Why do some countries celebrate Christmas on the 24 December and some on the 25? – SCREENSHOT Media

Why do some countries celebrate Christmas on the 24 December and some on the 25?

By Alma Fabiani

Published Dec 22, 2022 at 09:00 AM

Reading time: 2 minutes

Depending on where you’re from as well as where you’re currently living, you might be wondering why some countries celebrate Christmas on 24 December while others wait for 25 December, and which one is the right way to do it.

Growing up in Paris, I remember celebrating Christmas on both the 24 and 25 December, but then again, that could have been because of my family’s tendency to do things extra, no matter what. After I moved to London and stayed there for my first British Christmas ever, I found out that in the UK, most people celebrate Christmas on the 25. At the time, I didn’t think much of it, until I stumbled upon the divisive question online.

Shortly after, while speaking to a Danish friend who was asking me when I usually celebrate the actual holiday, I realised two things: one, I have no idea what the custom is in France, and two, people are highly involved in this superficial debate. That’s when I decided to really look into it.

In the Czech Republic, Germany, Switzerland, Austria, Norway, Denmark and Finland (and perhaps even more countries), Christmas Eve, which is on 24 December, represents the start of Christmas. While shops tend to stay open in the morning to accommodate last-minute shoppers, in the afternoon, people start getting together with other family members to have dinner and deliver presents under the tree when no one is looking.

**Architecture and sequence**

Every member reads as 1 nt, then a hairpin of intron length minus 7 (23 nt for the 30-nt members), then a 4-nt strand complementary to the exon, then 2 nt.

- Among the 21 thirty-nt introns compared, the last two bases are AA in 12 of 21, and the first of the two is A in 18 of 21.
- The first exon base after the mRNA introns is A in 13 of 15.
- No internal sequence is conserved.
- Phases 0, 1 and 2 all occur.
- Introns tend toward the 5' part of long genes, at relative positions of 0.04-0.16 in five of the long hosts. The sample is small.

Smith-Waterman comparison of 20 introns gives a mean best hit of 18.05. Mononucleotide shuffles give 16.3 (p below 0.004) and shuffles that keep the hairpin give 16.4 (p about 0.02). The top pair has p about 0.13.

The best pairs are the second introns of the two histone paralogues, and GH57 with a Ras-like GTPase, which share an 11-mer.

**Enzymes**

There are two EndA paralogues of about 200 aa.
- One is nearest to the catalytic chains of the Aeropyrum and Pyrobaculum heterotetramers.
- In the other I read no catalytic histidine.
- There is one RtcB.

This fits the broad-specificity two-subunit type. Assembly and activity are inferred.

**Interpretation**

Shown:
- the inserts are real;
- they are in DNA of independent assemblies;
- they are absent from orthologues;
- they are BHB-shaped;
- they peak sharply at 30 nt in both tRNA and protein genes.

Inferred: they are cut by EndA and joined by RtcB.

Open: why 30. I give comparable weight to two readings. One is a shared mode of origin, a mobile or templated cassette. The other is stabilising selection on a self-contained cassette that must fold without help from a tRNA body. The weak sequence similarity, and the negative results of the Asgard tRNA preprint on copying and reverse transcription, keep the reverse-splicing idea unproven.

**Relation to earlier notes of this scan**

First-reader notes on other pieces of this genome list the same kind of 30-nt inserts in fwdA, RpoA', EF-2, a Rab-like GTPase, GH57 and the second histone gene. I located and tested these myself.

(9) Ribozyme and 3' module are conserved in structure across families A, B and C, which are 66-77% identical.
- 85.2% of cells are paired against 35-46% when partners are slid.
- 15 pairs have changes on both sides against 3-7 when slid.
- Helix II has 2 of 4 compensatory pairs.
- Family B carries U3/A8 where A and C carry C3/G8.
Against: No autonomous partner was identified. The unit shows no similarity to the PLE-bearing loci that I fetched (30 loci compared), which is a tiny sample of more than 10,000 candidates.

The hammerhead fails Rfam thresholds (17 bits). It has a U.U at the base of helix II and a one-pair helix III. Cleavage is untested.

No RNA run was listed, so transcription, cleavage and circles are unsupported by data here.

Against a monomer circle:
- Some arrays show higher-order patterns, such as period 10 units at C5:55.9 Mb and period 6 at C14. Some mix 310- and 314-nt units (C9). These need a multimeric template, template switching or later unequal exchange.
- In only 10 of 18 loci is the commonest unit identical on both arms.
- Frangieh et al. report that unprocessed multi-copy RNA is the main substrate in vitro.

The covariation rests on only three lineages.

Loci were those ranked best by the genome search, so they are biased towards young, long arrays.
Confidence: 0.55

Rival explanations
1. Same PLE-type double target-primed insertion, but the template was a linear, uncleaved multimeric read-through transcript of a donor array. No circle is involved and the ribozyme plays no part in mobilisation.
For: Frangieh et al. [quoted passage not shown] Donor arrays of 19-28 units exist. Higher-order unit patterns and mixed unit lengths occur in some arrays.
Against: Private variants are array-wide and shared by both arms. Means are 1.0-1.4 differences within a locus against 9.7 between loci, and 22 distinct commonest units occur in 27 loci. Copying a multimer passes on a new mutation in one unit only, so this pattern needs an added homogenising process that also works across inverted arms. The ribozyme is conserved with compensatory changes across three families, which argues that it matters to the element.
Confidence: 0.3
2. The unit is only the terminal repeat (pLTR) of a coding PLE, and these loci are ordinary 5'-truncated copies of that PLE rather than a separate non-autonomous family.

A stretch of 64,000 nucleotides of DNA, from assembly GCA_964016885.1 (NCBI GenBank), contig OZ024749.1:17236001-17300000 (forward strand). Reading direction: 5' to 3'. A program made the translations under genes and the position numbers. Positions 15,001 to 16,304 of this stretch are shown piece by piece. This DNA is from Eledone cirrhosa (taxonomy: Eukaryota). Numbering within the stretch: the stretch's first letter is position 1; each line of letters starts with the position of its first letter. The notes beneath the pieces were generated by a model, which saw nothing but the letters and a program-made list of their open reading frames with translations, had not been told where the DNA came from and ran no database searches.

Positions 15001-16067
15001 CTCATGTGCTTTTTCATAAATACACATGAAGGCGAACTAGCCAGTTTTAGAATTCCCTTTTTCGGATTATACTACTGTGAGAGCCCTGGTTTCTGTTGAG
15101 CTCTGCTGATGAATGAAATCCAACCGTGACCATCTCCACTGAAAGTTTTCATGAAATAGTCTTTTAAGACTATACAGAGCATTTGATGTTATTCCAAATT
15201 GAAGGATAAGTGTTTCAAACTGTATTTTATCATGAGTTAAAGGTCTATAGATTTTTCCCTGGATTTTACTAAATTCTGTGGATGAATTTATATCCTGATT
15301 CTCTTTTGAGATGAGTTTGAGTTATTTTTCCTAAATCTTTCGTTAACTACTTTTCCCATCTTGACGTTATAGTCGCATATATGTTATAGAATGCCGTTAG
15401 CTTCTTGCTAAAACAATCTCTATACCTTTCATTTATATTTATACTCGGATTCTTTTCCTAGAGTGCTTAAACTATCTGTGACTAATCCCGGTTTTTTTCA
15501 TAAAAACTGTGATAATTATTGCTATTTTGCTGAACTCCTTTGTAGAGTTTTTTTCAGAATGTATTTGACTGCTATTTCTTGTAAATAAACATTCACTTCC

The 25 December, meanwhile, was originally considered more of a religious holiday spent worshipping, which explains why people still celebrate Christmas the day before. Now, why start one day early, you ask? A Christian liturgical day always starts and ends at sunset. In Southern Scandinavia, for example, the liturgical day on which Christ was born by tradition starts at 5 pm on the 24 and ends at the same time on the 25 December.

Celebrating Christmas on the 25 would imply having Christmas dinner the day after the event, as the liturgical day ends when the sun sets on the 25. Christmas Eve is therefore celebrated on the 24, while Christmas morning is celebrated on the 25, which also explains my confusion as to why some people—meaning me and my family—celebrate on both days.

However, even this explanation is not completely correct. Whether people celebrate the holiday on the 24 or the 25 varies from one country to another, even within one region. Furthermore, in Russia, Ukraine, Belarus, Moldova, Georgia, and Armenia, people celebrate Christmas on the 7 January during the next year due to their churches using the Julian calendar. Mad, right?

Christmas Eve simply means the evening before a religious holiday, Christmas in this case. This tradition of celebrating a specific holiday in the evening leading to that day goes all the way back to the Jewish calendar, on which each numbered ‘day’ of any month is considered to begin and end at sundown rather than at midnight. Jesus was, after all, Jewish.

That explains why, for many, Christmas starts at sundown on 24 December. The 25 is then considered the ‘Holy day’, which is spent praying and resting—basically minding your own business.

As mentioned previously, some churches (mainly Orthodox churches) use a different calendar for their religious celebrations. In Russia, Serbia, Ukraine and other countries, they use the old ‘Julian’ calendar and therefore celebrate Christmas on 7 January. The Ethiopian Orthodox Tewahedo church also celebrates Christmas on the 7, which is the 29 of Tahsas in their calendar.

Most people in the Greek Orthodox church celebrate Christmas on 25 December but some still use the Julian calendar and so celebrate Christmas on 7 January too. Same applies to some Greek Catholics. In Armenia, the Apostolic church celebrates Christmas on 6 January 6.

There you have it, Christmas day can be celebrated on many different dates depending on where you live, which religious beliefs you hold, and long time traditions.